I believe that intersection has walk signal buttons, but the buttons don’t have indicators that they’ve been pressed.
In my experience, many intersections with buttons don’t enable the walk signal at all unless the buttons have been used. I believe that this improves auto traffic flow. It frustrates me how often I see pedestrians stand at a corner without pressing the button, or having arrived in time to see that someone else has pressed the button.
Note: It looks like those drivers had a red, but those cars are likely coming from the oblique SE street, not from King St. heading west. Drivers on that SE street (is it Railroad???) get the green light at an oblique angle – you can’t see the light from the video – they are mounted under the viaduct structure.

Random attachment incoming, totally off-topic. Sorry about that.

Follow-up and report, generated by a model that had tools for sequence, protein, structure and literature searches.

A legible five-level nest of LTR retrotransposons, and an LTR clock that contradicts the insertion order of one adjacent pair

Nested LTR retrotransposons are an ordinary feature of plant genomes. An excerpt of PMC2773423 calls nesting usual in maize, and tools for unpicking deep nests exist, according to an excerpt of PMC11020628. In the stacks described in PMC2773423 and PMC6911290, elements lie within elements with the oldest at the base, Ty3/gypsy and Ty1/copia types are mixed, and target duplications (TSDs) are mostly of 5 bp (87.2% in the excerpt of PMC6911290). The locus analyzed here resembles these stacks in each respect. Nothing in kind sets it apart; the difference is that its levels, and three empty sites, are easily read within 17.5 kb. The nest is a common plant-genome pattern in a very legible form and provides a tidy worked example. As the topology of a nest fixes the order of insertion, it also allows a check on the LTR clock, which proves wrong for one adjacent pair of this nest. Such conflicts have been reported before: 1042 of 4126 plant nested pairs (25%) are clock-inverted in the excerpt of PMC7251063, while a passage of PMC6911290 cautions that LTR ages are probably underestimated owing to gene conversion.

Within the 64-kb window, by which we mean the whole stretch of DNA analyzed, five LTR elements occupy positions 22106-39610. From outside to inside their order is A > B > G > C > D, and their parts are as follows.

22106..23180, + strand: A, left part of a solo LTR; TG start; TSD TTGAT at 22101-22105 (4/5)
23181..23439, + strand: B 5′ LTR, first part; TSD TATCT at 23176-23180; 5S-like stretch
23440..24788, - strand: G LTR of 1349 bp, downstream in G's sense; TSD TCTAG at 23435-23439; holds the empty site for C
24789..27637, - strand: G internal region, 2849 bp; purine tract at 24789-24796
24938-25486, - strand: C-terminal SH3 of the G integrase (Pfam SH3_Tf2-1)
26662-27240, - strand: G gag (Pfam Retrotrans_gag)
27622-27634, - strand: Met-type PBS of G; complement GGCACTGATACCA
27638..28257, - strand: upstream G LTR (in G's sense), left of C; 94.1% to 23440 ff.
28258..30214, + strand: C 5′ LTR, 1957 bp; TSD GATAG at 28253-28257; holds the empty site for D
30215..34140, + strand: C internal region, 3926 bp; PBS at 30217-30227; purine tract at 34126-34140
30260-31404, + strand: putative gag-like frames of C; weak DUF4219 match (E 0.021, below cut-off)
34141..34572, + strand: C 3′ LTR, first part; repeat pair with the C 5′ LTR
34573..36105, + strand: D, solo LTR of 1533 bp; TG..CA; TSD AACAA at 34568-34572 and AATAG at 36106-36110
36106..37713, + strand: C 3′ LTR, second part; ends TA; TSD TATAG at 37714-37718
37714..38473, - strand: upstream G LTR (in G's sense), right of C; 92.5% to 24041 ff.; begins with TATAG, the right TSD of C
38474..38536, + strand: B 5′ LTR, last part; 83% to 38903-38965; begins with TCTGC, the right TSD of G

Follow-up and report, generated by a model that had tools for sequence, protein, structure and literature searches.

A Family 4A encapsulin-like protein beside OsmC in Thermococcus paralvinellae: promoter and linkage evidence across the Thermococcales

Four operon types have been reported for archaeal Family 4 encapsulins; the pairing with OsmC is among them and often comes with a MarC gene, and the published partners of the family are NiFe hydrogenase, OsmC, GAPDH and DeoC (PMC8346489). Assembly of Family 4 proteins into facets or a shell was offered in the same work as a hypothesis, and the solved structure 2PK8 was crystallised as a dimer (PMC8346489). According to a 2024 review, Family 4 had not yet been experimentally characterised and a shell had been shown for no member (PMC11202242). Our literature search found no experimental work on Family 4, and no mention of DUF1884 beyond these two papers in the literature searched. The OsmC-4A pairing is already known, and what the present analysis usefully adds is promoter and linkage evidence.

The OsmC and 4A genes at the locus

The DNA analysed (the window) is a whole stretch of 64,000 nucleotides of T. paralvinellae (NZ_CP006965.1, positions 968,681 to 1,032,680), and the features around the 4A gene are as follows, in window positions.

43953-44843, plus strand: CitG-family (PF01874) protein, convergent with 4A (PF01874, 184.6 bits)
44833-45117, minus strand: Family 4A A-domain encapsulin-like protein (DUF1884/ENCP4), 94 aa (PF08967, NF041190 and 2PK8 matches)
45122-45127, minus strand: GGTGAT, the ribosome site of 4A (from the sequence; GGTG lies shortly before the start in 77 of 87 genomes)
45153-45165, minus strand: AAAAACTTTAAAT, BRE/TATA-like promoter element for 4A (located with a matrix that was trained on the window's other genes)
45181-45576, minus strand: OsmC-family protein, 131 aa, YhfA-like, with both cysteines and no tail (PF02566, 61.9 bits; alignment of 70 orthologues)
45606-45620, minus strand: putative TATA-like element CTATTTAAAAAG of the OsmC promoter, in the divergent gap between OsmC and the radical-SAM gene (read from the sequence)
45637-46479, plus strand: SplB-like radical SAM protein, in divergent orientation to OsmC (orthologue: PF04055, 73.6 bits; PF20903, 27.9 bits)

I think this article would have been improved had Mr. Fucoloro at least attempted to contact the city regarding this intersection (even, “We contacted the SDOT through their public comment service online but had not received a response by the time this was published.”). As it stands, is sounds like a complaint. Belly-aching. A legitimate complaint, but how about some follow-up?
Oh – and I meant to say thanks for taking the time to actually go out and investigate this too. If the 2009 MUTCD that Bruce Norman mentions in his comment are adopted, how long before lights start getting updated?
Fwiw, I contacted both wsdot and sdot before writing. I have yet to hear back from SDOT (wsdot just told me to ask sdot).
In Vancouver we have some intersection like these. They don’t only create challenges for pedestrians but for drivers as well.